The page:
Different electric vehicles use different battery chemistries, but in general the amount of cobalt in them has declined with each new design. Customers less concerned about power and range can buy electric cars with a different cathode design using lithium iron phosphate, a concept Manthiram and Goodenough developed in the ’80s. For years, though, attempts to remove cobalt entirely without degrading battery performance failed.

Cobalt is almost always mixed in with larger deposits of other ores, including nickel, copper, and sometimes platinum group elements. And though cobalt is currently the most valuable battery metal, and the one with the most concerning supply chain, building enough powertrains for a global post-internal-combustion car fleet is going to require a lot more of a lot of metals: nickel and lithium for the cathodes, copper for the wiring, rare earths for the powerful magnets that turn the battery’s electrical energy into torque. Add up all of that, and subtract the world’s known reserves, and you get $10 trillion in what House calls “missing metals.”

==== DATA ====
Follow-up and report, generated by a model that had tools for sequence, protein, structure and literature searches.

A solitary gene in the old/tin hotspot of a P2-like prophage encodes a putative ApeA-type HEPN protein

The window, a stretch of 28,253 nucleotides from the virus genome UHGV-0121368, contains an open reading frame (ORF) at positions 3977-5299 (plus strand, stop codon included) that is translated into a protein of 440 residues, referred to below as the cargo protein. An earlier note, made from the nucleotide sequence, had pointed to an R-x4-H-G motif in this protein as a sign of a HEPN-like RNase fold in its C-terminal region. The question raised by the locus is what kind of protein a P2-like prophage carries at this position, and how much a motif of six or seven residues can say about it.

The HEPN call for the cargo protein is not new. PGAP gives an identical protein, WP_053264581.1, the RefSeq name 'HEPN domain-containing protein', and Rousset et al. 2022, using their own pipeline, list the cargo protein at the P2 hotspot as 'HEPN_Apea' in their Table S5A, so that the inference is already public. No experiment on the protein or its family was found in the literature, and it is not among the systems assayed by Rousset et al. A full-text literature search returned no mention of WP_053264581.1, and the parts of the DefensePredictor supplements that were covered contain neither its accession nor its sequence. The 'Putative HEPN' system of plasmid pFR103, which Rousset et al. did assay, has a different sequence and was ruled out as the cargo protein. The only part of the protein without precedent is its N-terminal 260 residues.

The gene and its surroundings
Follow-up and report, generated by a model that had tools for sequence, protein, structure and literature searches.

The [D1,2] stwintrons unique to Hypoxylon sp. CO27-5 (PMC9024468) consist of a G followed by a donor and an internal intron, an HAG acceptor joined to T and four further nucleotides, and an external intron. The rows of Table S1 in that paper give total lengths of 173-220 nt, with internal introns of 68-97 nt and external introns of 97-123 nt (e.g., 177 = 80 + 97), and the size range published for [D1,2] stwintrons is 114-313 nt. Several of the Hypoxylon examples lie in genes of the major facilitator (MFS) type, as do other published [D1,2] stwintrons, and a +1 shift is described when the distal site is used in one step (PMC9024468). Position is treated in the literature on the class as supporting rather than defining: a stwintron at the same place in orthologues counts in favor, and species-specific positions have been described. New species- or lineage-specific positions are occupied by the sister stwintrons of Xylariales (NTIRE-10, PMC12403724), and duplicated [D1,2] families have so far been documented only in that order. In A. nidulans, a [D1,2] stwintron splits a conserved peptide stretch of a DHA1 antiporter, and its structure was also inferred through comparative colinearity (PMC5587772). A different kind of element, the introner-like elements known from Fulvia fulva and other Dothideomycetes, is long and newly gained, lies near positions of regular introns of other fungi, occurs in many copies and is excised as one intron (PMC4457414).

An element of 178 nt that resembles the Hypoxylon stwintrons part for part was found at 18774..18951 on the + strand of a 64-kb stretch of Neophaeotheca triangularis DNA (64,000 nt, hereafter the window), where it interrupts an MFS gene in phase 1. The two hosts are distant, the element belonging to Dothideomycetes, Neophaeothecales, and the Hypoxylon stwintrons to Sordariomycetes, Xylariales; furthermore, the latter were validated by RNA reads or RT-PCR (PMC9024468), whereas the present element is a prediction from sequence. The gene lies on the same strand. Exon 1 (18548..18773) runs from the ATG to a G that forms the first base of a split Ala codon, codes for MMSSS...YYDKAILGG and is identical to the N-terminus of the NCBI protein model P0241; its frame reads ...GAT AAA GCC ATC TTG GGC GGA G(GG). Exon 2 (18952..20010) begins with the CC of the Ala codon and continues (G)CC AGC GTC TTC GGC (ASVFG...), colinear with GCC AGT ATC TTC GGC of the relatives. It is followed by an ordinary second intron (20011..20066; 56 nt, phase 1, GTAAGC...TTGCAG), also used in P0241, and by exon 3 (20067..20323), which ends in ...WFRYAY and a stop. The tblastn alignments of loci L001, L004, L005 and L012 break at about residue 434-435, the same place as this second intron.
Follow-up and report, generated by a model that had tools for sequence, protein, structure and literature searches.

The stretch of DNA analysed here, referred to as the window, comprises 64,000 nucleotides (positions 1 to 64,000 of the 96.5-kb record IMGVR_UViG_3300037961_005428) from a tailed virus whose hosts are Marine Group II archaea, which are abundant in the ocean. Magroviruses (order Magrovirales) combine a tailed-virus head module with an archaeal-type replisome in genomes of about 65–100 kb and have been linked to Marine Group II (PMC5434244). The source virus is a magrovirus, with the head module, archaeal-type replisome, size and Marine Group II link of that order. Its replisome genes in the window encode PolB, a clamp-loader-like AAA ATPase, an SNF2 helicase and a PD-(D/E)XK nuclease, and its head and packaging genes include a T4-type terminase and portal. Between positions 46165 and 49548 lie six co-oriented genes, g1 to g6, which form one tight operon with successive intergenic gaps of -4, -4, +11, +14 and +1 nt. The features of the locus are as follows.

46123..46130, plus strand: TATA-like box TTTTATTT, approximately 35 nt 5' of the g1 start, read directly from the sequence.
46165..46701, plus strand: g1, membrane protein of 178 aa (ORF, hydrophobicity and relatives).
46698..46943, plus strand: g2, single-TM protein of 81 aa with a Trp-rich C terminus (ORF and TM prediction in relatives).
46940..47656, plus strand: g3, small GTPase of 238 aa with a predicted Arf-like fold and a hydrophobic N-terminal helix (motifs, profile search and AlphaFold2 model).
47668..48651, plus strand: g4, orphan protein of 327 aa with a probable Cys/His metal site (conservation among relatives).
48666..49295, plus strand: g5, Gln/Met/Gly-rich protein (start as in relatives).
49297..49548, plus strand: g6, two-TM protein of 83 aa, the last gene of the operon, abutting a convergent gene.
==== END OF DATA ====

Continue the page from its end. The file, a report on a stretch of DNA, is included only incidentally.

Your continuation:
It’s important to understand exactly what that means. Cobalt isn’t actually rare. “There’s enough cobalt in the upper 1 kilometer of the Earth’s crust on the continents to build a million electric vehicles for every person on the planet,” House points out. But processing the trace amounts in which almost all of that exists would be economically ruinous. Minerals exploration is about finding the places where the twists and turns of geology have created ore concentrations freakishly large enough that it’s profitable to mine them at today’s metal prices and with today’s extraction and refining methods. “What you need is that nature goes and scavenges the copper and cobalt from a large volume of rock, then creates new rocks that are more like 1% copper or 1% nickel or 1% cobalt,” says Goldman, who serves as both KoBold’s chief financial and chief technology officer. “That’s a really unusual thing.”